To play perhaps the most instantly recognizable filmmaker of all time, the team behind Fox Searchlight's shocking drama “Hitchcock” thought there was no one better for the job than Academy Award winner Anthony Hopkins.
Hopkins is perhaps best known for his own unforgettably dark turn as a manipulative psychopath, Hannibal Lecter, who helped in the capture of a sophisticated, modern-day relation to Norman Bates, Buffalo Bill, in “The Silence of the Lambs.” But his prolific roster of roles -- from “The Elephant Man” and “Remains of the Day” to “Nixon” and “Shadowlands” -- reveals a broad versatility to embody the most complex personalities.
“I've always been fascinated by Hitchcock,” said Hopkins. “My first professional job was in the theatre in 1960 in Manchester and I remember going to the movies and `Psycho' was playing in Manchester. I went to see the movie on a Sunday night in October 1960 and I don't think I've ever been so scared in my life. It was maybe the greatest movie I've seen up to that point in my life. `Rear Window' and `Psycho' are my two favorite movies.”
“Hitchcock” is the true-story behind the difficult production of the famed director's classic thriller “Psycho”, which brings insight to Hitchcock's fascination with the real-life serial killer who served as the inspiration for Norman Bates.
Director Sacha Gervasi notes that he wasn’t looking at all for some kind of uncanny physical resemblance to Hitchcock, but rather, for someone who could bring forth something more subtle and vital: the humanity running beneath his well-known genius, quirks and cutting humor.
“We didn’t want someone to just impersonate Hitchcock, that was important from the beginning,” Gervasi explains. “It was really about revealing the spirit of the man and Anthony Hopkins is a master of doing that with iconic characters, from Richard Nixon to Pablo Picasso to CS Lewis. When you see him as Hitchcock, it takes a moment to adjust to it, but his power as an actor is so deep that, within a few sentences, you become completely embedded in Tony Hopkins’ version of Hitchcock. There are very few actors in the world capable of doing that. He was really the only actor who I felt could pull it off. In fact, I told the producers that if we couldn’t get him we shouldn’t bother making the movie at all.”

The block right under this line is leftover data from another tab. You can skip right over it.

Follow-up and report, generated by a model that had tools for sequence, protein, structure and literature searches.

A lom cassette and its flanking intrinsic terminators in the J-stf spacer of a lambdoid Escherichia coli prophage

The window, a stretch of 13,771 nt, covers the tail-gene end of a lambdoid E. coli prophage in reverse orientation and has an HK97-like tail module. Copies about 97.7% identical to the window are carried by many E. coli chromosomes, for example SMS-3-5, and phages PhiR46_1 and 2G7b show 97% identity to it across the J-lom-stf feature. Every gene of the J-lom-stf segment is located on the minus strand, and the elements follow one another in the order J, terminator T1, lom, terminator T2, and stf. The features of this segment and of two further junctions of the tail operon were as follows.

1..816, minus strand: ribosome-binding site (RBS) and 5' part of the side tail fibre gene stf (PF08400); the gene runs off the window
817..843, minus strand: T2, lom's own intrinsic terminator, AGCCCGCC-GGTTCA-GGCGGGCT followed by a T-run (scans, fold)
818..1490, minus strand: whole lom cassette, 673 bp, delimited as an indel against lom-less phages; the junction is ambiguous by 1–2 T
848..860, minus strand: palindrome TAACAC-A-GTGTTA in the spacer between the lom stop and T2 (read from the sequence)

Hopkins agrees that his performance exists on a razor-thin line, one that had to balance the idea of illuminating Hitchcock without doubling him. “I wouldn’t say ‘I become Hitchcock’. I don’t do that, because I’d go mad,” Hopkins muses. “You can’t become anyone, but you just try to find a way to balance it so as to not make a caricature. I felt Sacha had unlocked the story that no one else had previously done.”
Hopkins says his preparation for the role goes way back to 1960 when he himself first saw “Psycho” as a young actor in England and became a Hitchcock fan for life. He continued following his films, and even met Hitchcock briefly, but it was reading the “Hitchcock” script that brought him deeper into the man. “The script gave me a lot of the information that I needed,” he notes, “and then I watched several documentaries and films on Hitchcock and began putting together all the pieces.”
Those pieces added up to a man who Hopkins says is an utter paradox. “He can be dark, troubled, cold, ruthless and obsessive and also big-hearted, warm and ingenious,” notes Hopkins. “That was all part of his nature.”
“Hitchcock” will be shown starting Feb. 6 exclusively at Ayala Malls Cinemas nationwide. Moviegoers can catch the film at Glorietta 4, Greenbelt 3, Trinoma, Alabang Town Center, Market! Market!, Ayala Center Cebu, Marquee (Central Luzon), Abreeza (Davao), Harbor Point (Subic) and Centrio (Cagayan de Oro).